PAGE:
April 26th marks World Intellectual Property Day, a day to celebrate and learn more about the critical role of intellectual property (IP) in fostering innovation. This year’s theme, “IP and Youth: Innovating for a Better Future,” recognizes the creativity and potential of young people to reshape the world and build a more sustainable future.
Around the globe, young people are driving change with fresh ideas and inspiring inventions, empowered and supported by IP protections. For example:
- Nineteen-year-old Kazumi Muraki invented the world’s smallest CO2 capture machine: CARS-α (Carbon dioxide Air-Recovering System version Alpha) or “Hiyassy,” a suitcase-shaped device designed to be used in everyday life. The Japanese student is passionate about stemming global warming, founding and leading the Carbon Recovering Research Agency (CRRA), an independent organization that conducts research on a variety of progressive environmental solutions.
- Columbia University students Jason Kang, Katherine Jin, and Kevin Tyan teamed up in their senior year of undergrad to start Kinnos Inc., with the goal of combatting infection and empowering healthcare workers. Their flagship product, Highlight®, is a powdered additive that is mixed into disinfectant solutions that allows users to visualize disinfection through color and enforces best practices. Highlight® has received many accolades, including recognition by the World Health Organization and the USPTO Patents for Humanity Award.
- At just 14, Neeam Al Harrasi is working to combat pollution and save our oceans. She has invented a new type of bioplastic using natural materials available in Oman, where she has filed a patent for her innovation. Neeam is the first IP Youth Ambassador in both Oman and the Arab Region. She wants to become a chemical engineer and “to learn more about IP in school too, as it is very useful to anyone who is creative and innovative…to anyone with a good idea really.”
We must continue to encourage and foster the next generation’s creativity and ambition, strengthened by a robust global IP ecosystem. Many organizations are committed to doing just that, by both investing in education, particularly in science, technology, engineering and math (STEM), and providing critical resources to the young people working to shape tomorrow.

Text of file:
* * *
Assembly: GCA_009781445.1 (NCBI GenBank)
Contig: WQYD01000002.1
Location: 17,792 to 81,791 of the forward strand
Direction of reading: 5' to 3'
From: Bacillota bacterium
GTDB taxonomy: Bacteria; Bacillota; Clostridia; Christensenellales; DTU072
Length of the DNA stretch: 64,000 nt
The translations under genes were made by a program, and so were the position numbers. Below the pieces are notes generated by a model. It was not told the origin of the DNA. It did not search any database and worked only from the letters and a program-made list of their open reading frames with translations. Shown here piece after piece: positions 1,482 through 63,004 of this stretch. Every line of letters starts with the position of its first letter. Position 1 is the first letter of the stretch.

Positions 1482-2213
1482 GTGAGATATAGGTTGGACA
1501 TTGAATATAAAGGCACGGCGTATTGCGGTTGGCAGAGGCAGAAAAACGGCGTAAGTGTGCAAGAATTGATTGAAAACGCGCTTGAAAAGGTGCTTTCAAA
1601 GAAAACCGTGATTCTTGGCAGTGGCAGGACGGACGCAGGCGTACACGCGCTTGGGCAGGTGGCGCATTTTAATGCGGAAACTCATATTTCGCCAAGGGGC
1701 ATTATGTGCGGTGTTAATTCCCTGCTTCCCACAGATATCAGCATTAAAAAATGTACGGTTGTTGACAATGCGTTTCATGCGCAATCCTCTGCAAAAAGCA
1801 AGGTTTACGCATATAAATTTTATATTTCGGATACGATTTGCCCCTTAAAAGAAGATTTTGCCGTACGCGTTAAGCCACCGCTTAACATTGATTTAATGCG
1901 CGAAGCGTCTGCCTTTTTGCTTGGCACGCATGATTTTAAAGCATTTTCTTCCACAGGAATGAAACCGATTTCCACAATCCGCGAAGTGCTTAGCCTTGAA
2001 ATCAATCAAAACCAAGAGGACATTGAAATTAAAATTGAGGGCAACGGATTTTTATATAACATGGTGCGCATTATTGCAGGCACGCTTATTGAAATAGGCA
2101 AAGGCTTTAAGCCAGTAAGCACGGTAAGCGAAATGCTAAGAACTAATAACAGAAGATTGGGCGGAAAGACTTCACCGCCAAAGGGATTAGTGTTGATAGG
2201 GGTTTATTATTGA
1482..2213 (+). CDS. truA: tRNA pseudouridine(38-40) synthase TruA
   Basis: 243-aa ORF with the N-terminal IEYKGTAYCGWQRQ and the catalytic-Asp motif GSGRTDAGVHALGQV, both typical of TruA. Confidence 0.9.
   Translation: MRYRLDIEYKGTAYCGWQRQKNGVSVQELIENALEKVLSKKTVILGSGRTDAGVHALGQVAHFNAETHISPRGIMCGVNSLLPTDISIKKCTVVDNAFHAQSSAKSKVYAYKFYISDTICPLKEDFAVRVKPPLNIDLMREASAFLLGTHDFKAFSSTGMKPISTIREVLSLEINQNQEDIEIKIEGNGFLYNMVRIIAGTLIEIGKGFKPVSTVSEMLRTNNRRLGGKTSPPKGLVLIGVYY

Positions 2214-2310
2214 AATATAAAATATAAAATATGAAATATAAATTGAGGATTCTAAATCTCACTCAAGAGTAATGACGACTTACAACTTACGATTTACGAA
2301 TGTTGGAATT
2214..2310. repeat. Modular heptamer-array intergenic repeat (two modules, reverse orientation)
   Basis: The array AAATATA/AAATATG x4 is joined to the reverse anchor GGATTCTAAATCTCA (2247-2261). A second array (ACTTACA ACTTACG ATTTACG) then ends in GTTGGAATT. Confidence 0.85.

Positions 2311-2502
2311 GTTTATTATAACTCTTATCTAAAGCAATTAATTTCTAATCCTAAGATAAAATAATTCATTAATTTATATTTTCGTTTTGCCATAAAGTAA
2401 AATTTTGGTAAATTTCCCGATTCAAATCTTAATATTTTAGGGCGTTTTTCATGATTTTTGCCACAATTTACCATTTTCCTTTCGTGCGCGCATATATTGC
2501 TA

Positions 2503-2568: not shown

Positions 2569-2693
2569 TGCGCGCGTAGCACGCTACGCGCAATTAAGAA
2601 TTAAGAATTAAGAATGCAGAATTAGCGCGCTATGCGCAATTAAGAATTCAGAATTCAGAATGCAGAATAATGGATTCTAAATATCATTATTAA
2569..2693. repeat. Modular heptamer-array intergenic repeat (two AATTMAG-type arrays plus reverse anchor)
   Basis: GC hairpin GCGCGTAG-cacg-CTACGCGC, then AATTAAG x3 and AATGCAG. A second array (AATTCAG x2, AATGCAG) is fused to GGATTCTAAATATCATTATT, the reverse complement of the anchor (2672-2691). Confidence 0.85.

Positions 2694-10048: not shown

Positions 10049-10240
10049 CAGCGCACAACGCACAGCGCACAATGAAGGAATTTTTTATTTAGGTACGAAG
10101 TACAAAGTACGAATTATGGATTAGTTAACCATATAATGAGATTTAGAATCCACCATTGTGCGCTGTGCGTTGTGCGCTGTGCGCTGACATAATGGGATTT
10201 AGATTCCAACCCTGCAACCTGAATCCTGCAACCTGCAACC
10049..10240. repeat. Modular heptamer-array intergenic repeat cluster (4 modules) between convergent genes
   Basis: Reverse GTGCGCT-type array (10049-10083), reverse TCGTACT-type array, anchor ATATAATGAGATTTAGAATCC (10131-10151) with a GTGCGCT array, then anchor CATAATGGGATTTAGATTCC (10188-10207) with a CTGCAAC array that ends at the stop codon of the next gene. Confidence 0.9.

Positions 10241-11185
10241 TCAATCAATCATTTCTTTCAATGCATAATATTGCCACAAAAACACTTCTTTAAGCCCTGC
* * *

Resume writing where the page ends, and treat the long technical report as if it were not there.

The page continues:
- Chevron has numerous programs and partnerships to support students and educators. Its Thailand Partnership Initiative aims to strengthen Thailand’s competitiveness and innovation by improving STEM education. The eight-year, $35 million public-private partnership works with Southeast Asian Ministers of Education Organization Regional Centre for STEM Education (SEAMEO STEM-ED) and many others to build a strong and enduring educational network.
- Around the world, Amgen’s Biotech Experience (ABE) program has empowered teachers to bring biotechnology into their classrooms. Studies show that the program has a significant impact on students’ interest in biotech and science learning. ABE has reached nearly 85,000 students since its launch in 1990 and expanded to more than 1,700 schools in Asia, Europe and North America.
- AstraZeneca has partnered with Learning Undefeated and Discovery Education to create Generation Health: How Science Powers Us, which provides hands-on learning to middle school students around the world. The program aims to “engage students in learning about the science behind their own health through the lens of STEM.” During the pandemic, the online modules were used to minimize education disruption.
The private sector can – and should – continue to play a crucial role in championing education and building a sustainable future for the youth of the world. Their new ideas and inventions have the potential to revolutionize everyday life, and we must ensure that strong IP systems support and enable these innovations.
Around the globe, young people are driving change with fresh ideas and inspiring inventions, empowered and supported by IP protections.